Karen and Arthritis




For Caregivers

Has your spouse or child just been diagnosed?

If your spouse or child has just been diagnosed you’re probably thinking about it every day. How will he/she cope? How will it change my life? What about us? Can we get through this?

Many Caregivers react to the news that their loved one is suffering from a chronic, debilitating disease by going into denial and isolating themselves from their spouse, son or daughter. They just can’t accept what has happened. My dad was in denial about my RA for at least 15 years. It wasn’t until he saw me accepting it that my dad could begin to try to acknowledge the disease himself.

The biggest issue here is isolation. It is not the time to distance yourself from your partner. Sure you’ll need to take some time to digest the news of the diagnosis but then you will have to talk about it. He / she will need your support. You’ll need theirs. Not communicating your feelings will just make everyone angry and frustrated, and sooner or later it will begin to affect all aspects of your life.


As a Caregiver you might need to understand that the diagnosis of your partner will feel like a loss. Partners or parents may even need to be given time to go through each stage of the grieving process.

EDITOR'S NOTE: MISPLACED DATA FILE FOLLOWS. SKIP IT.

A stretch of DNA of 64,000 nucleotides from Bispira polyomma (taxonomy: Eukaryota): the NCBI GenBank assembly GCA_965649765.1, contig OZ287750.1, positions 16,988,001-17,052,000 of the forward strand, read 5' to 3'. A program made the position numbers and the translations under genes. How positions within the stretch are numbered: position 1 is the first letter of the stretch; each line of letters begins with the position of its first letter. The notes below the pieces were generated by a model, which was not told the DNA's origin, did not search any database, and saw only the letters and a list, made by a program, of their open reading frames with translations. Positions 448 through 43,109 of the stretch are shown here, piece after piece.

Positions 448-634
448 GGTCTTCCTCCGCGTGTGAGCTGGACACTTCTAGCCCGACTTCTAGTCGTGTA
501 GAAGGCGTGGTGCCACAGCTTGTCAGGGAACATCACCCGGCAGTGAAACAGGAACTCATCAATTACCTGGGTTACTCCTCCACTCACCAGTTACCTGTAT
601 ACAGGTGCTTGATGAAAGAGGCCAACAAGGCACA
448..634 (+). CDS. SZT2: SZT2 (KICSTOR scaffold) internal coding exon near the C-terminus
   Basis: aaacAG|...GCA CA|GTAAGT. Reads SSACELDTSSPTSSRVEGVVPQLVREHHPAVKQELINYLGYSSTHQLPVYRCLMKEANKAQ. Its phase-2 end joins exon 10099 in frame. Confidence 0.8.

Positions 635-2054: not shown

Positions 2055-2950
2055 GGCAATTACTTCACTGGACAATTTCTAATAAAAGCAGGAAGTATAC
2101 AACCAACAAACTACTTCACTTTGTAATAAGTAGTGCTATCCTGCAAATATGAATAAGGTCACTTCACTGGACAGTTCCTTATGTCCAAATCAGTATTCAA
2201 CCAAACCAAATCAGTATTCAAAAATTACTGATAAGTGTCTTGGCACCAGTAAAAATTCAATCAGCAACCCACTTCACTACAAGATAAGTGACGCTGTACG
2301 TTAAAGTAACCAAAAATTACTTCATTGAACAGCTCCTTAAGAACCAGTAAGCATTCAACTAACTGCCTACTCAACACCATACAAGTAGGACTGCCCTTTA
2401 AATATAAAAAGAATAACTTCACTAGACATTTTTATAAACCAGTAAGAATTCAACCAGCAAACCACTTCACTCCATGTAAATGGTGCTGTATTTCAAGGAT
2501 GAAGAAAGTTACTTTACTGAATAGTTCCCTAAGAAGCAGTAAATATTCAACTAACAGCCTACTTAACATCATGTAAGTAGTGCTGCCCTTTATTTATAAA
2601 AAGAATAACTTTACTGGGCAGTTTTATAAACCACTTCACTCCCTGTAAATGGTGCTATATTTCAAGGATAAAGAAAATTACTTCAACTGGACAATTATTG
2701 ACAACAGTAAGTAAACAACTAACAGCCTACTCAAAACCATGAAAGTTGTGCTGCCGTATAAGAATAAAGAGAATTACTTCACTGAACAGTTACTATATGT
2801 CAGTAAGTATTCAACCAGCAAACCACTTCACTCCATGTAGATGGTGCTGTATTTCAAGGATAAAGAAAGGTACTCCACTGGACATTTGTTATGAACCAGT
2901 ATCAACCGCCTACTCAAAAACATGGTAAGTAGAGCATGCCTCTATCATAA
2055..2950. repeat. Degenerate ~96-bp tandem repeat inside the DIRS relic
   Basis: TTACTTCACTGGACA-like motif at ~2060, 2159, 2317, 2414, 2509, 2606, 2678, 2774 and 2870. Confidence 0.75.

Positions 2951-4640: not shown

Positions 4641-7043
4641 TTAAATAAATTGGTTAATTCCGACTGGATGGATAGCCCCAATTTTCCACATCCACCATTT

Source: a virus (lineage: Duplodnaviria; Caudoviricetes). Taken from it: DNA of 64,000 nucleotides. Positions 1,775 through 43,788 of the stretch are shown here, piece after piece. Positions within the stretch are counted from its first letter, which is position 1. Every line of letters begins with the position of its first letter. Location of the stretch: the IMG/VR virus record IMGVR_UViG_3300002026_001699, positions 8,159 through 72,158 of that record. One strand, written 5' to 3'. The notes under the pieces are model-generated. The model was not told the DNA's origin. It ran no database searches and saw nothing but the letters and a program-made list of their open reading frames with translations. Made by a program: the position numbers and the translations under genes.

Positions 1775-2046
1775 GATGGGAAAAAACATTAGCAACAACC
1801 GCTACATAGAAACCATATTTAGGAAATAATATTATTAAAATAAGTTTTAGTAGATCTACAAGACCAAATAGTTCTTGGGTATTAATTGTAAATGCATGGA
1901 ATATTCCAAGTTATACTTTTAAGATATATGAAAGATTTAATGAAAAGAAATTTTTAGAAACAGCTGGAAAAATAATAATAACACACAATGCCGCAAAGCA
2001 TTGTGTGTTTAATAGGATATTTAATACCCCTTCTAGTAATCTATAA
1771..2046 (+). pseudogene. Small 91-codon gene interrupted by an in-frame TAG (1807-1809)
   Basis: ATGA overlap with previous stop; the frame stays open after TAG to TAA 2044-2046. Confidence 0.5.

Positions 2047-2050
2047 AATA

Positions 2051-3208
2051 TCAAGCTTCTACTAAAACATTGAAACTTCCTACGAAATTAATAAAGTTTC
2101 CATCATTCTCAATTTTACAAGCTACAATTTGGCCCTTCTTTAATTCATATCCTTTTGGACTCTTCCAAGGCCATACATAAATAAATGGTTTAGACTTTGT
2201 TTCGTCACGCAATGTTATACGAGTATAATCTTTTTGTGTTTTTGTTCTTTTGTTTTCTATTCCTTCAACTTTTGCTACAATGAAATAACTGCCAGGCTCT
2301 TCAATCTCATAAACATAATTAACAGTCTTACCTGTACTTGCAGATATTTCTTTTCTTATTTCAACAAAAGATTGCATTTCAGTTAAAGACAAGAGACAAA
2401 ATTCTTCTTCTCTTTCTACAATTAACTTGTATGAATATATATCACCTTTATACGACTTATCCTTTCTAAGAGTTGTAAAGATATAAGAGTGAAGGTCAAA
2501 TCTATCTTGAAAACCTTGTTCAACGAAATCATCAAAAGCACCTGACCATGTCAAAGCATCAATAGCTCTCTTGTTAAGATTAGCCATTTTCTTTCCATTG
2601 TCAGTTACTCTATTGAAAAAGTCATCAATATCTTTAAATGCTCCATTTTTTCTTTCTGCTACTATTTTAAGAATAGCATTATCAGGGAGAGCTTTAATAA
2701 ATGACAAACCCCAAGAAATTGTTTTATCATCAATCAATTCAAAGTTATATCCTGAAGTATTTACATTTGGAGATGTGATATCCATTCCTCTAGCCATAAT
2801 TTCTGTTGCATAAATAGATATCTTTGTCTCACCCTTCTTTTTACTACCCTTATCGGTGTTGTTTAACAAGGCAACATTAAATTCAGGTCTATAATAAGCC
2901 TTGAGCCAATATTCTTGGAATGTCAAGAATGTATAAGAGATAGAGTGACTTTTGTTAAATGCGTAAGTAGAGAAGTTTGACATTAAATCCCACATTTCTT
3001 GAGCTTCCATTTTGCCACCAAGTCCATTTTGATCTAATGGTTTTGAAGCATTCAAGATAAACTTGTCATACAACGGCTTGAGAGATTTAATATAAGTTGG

For more information on this topic go to David Kessler's site.

I believe there’s another issue for you as the Caregiver. This issue is about control. As the onlooker you can never really gain a feeling of being in control of the situation. You’re present, but you’re constantly watching your loved one for signs of suffering. You see and feel their pain, but it seems like there’s nothing you can do. This feeling of helplessness is an enormous burden to bear. It will exhaust you. The person who has the disease may even be feeling more in control of things than you are.

Managing “meds,” exercising and resting are all good tools used by patients when trying to manage their disease! You don’t have these avenues, so at times it may seem like the burden is harder for you. Talking about these emotions will help to relieve your stress. Progressive, chronic diseases require a different type of support to other illnesses. Shouldering all the pain and anxiety about your loved one will make you burn out quickly! You need to be around for the long haul, so look after yourself!

Some of the Coping with a chronic, debilitating disease in 12 Steps may even work for you.

Remember it is your love and your courage that will strengthen their spirit and inspire hope. You are fighting this battle too and you are brave!   

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My mother - Johanna